today I read some news about connecticut tragedy. I’ve taken a couple of days off from reading because, to be perfectly honest, it was too hard on me. my heart was too heavy. I felt selfish today when I realized that was why. there are people…tons and tons of people, who cannot go a minute without thinking about it. there are families, parents, siblings, teachers, friends, husbands, children, all who think about it all the time because their world came crashing in around them on Friday. So I’m sorry if it’s selfish that I took a break from the news for a couple of days. I was still prayerful and concerned for those who are suffering, I just could not read another news story.
Today I woke up and read the news, and there were three amazingly real and truthful and amazing things I saw.
The first is a video of robbie parker, who lost his 6 year old daughter, Emilie in the shooting. only about 24 hours after he found out that his beautiful young daughter had been killed in the tragic school shooting, he spoke to the press about his daughter. He described her as bright and compassionate child who drew pictures for people who needed cheering and was a best friend to her two younger sisters, who she was teaching to read. His words were heart-felt, heart-wrenching, and beautiful. He expressed their deep, deep sadness, their sympathy for the other families who lost people, and for the shooter’s family. 24 hours after a gunman shot his 6 year old, he said that he’s not mad, and that he won’t harbor hatred for her killer because that’s not who Emilie was and that’s not what God calls us to. It’s difficult to believe that anyone could possibly be that good, that loving, that forgiving, but I’m thankful for his words among outcries of anger and hatred. What a challenge to all of us. what could anyone ever do to me that’s worse than what was done to him? there is nothing. if he can forgive, even if it’s a long process for him of wavering between anger and forgiveness, how can we not forgive those who wrong us?
The second article I read was about George Hochsprung, husband of the slain principal from Sandy Hook. He says that when he heard that his wife put herself in danger to try to stop the gunman, he was angry. Everyone around the country, even the world, is hailing her as a hero-she reportedly charged the gunman, trying to stop him-and her husband was angry that she never gets to come home and other people do. I cried while reading this article, partially because his honesty is so raw and hard to take, and partially because I think that would be me. If my sweet hubs died (heaven forbid) saving someone else’s life, I would be grateful for the life that was saved, but I think that on my hard days I’d just be angry that he could have stayed safe and he chose not to. I’m not super proud of that, but I am grateful for this man who had the guts to admit to a very difficult emotion. He did say that things changed on Sunday when he met two teachers who his wife had told to take cover while she confronted the gunman. He said “I’m not angry anymore. I’m not angry. I’m just very sad.” My heart breaks for this man, and for the many parents, friends, others that he represents, who are left to try to pick up the pieces of a life that just doesn’t quite fit right anymore. I’m so sorry, Mr. Hochsprung. Thank you for your honesty. My heart aches.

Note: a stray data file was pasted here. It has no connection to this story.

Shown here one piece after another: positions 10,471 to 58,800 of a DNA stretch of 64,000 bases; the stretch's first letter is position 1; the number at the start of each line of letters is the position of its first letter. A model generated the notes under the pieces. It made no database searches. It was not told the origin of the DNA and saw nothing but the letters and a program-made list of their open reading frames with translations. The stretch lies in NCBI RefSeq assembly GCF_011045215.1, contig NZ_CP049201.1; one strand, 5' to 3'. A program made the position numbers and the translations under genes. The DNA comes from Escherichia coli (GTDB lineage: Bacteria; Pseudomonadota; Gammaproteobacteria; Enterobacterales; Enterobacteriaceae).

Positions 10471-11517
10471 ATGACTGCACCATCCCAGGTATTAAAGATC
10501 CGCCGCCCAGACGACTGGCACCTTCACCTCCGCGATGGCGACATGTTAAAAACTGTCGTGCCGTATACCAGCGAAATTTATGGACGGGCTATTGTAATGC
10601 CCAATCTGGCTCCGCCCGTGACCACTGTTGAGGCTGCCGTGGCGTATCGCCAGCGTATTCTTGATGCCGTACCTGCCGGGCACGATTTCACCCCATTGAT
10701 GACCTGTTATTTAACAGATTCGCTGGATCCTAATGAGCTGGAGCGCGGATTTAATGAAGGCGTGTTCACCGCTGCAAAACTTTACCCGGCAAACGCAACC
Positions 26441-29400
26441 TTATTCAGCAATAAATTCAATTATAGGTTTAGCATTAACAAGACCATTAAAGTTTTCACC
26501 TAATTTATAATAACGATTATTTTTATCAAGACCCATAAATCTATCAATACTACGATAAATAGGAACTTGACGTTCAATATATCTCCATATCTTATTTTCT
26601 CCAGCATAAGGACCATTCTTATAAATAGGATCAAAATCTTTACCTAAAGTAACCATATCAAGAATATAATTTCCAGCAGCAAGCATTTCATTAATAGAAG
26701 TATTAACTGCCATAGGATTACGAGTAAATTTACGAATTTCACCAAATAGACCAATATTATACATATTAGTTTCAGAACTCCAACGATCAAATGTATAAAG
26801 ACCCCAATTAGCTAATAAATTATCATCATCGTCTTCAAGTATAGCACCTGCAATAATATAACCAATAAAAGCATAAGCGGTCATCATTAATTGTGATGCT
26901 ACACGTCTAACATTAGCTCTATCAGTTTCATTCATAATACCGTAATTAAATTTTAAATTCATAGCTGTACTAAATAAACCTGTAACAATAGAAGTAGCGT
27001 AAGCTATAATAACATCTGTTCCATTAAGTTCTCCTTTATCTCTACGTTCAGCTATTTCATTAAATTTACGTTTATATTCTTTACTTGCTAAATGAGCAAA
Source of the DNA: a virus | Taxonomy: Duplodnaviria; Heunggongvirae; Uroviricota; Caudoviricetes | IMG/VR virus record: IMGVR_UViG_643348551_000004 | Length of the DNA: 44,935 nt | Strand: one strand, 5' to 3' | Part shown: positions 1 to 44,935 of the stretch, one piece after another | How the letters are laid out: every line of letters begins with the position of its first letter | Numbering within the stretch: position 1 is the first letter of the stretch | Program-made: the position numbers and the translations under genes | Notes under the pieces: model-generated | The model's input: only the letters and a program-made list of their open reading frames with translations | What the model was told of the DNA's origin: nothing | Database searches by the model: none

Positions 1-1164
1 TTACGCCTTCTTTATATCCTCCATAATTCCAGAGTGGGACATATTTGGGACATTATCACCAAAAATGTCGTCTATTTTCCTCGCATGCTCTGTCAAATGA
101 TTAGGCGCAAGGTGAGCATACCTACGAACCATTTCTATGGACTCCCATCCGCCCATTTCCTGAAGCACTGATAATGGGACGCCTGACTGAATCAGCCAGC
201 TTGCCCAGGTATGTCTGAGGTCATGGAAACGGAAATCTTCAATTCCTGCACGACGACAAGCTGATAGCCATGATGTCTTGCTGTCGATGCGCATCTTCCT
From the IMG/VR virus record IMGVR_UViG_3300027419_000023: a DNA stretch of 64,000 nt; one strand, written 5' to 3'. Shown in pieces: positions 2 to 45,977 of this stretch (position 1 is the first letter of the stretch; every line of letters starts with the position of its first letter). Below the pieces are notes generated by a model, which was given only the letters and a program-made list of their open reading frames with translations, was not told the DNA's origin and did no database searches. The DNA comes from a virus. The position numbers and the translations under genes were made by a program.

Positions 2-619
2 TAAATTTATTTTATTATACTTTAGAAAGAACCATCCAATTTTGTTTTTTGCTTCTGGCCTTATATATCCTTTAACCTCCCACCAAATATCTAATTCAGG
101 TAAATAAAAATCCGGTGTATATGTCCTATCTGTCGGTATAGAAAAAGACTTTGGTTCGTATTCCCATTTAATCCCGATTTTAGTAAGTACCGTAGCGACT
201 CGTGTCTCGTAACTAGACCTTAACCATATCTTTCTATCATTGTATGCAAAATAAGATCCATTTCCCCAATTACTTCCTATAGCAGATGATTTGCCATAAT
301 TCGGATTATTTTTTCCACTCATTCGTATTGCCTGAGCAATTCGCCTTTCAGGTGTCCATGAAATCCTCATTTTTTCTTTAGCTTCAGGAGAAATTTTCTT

The last thing I read this morning that made this so real for me was in a piece about the victims. Each of the kids are described as bright and beautiful. I know this is true. Kids have this amazing way of lighting up the world around them with their generous spirits. According to family, so did Vicki Soto, who reportedly hid her students in cabinets and told the gunman they were in the gym before she was killed. She literally gave her life for the students she loved. There is no greater love. The article I read this morning said that her dog wandered around her house all night Saturday looking for her. I cried when I read this, knowing that Mojo would be so confused and sad if one of us didn’t ever come home.
Then I walked downstairs and saw this:
our sweet dog, Mojo, normally sleeps in our bedroom. Last night he was muddy and we were too tired to clean him off, so he slept on his bed downstairs. When I came down this morning he had found one of my shoes, taken it to his bed, and was cuddling it. Normally I’d be pretty upset about the teeth marks in my shoe, but today I choose to be grateful for them. They are a reminder of how loved I am and how blessed I am to have my sweet little family.
I am also grateful for the challenge to be completely transparent, both when I’m angry and hurt, and when God somehow gives me the strength to forgive, to love, to hope. Those emotions-all of them- are a gift to the people around us. Sometimes someone who is struggling needs to hear that it’s okay to be angry, to be hurt, to not understand. And sometimes people need to be reminded that there is always hope, always room for love, that God can work a miracle in your heart if you let Him. I know that there have been times I have needed both of those messages. The Advent season is the perfect reminder of this, right? It is a time dedicated to remembering a people who were desperately waiting, begging for a Savior, exiled and alone. But God, who loves us, did not leave them there, instead He came , in lowly human form, to be with and give hope to his people.
Thank you, courageous men, for being brave enough to share your hearts with a world that grieves with you.
And don’t forget, reader, you are so, so loved.
“O Come, Thou Day Spring, come and cheer our spirits by Thine advent here. Dispel the stormy clouds of night, and death’s dark shadow put to flight. Rejoice! Rejoice! Emmanuel shall come to thee, o Israel.”